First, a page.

Inequality, Apple Edition

In his debut post for Slate, Matt Yglesias comments on this op-ed by Lawrence Summers about inequality. While generally agreeing with Mr. Summers on most points, he picks a particular bone over this comment:

Why has the top 1 percent done so well relative to the rest? The answer lies substantially in changes in technology and in globalization. When George Eastman revolutionized photography, he did very well, and because he needed a large number of Americans to carry out his vision, the city of Rochester, N.Y., had a thriving middle class for two generations. When Steve Jobs revolutionized personal computing, he and Apple shareholders did very well, but those shareholders are all over the world, and a much smaller benefit flowed to middle-class American workers, both because production was outsourced and because the production of computers and software was not terribly labor-intensive.

To which Yglesias responds:

The real differences from the Kodak era are twofold. One is that we arguably have fewer of these companies. America in 2011 has a few high-tech clusters, including the three names above and also Seattle, Austin, and arguably Washington DC. But we used to have dozens of cutting-edge manufacturing clusters. The other thing is that back in the day if you wanted to take advantage of the growth and prosperity in Rochester, you just had to go move to Rochester. Today, a working class person looking to get ahead by moving to the Bay Area is going to find that it’s prohibitively expensive to afford a reasonable place to live.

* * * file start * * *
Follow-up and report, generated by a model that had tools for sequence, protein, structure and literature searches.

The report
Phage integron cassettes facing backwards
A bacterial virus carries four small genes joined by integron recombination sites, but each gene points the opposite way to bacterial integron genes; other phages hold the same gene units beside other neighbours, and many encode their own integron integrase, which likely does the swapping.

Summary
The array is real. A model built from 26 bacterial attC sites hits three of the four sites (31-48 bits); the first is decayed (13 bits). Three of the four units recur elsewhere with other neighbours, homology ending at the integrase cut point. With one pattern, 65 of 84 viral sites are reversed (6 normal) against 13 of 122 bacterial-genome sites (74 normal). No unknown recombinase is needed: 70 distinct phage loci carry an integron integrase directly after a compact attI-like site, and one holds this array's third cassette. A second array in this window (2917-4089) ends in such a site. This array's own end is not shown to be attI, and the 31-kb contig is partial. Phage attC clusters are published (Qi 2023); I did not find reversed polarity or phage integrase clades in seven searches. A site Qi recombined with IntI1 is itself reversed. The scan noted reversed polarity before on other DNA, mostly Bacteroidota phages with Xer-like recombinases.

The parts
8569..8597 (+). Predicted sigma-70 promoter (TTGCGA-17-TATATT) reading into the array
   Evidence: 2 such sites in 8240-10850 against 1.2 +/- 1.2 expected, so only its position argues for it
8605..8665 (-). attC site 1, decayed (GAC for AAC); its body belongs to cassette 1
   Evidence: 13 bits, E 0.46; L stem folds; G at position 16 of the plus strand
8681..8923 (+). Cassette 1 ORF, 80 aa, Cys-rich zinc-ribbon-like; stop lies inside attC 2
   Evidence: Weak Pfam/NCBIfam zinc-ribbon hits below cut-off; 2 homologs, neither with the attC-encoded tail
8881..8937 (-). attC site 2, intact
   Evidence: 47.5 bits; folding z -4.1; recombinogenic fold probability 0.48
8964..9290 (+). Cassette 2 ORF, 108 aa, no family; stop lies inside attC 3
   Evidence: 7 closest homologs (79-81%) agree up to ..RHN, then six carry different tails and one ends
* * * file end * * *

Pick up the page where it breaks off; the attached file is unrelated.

Anyone who regularly reads Yglesias knows that his hobby-horse is urban economics (his forthcoming book covers such a subject), so it doesn’t surprise me to see him jump on this subject. While I generally agree Summers discounts the fact that America has fewer of these companies, I also think Yglesias unfairly discounts the accompanying outsourcing phenomenon. Such a factor, in my opinion, would exacerbate the downsides of having fewer of these companies. I would conjecture that this exacerbation would be of greater importance than the prohibitive expense of moving to the Bay Area.


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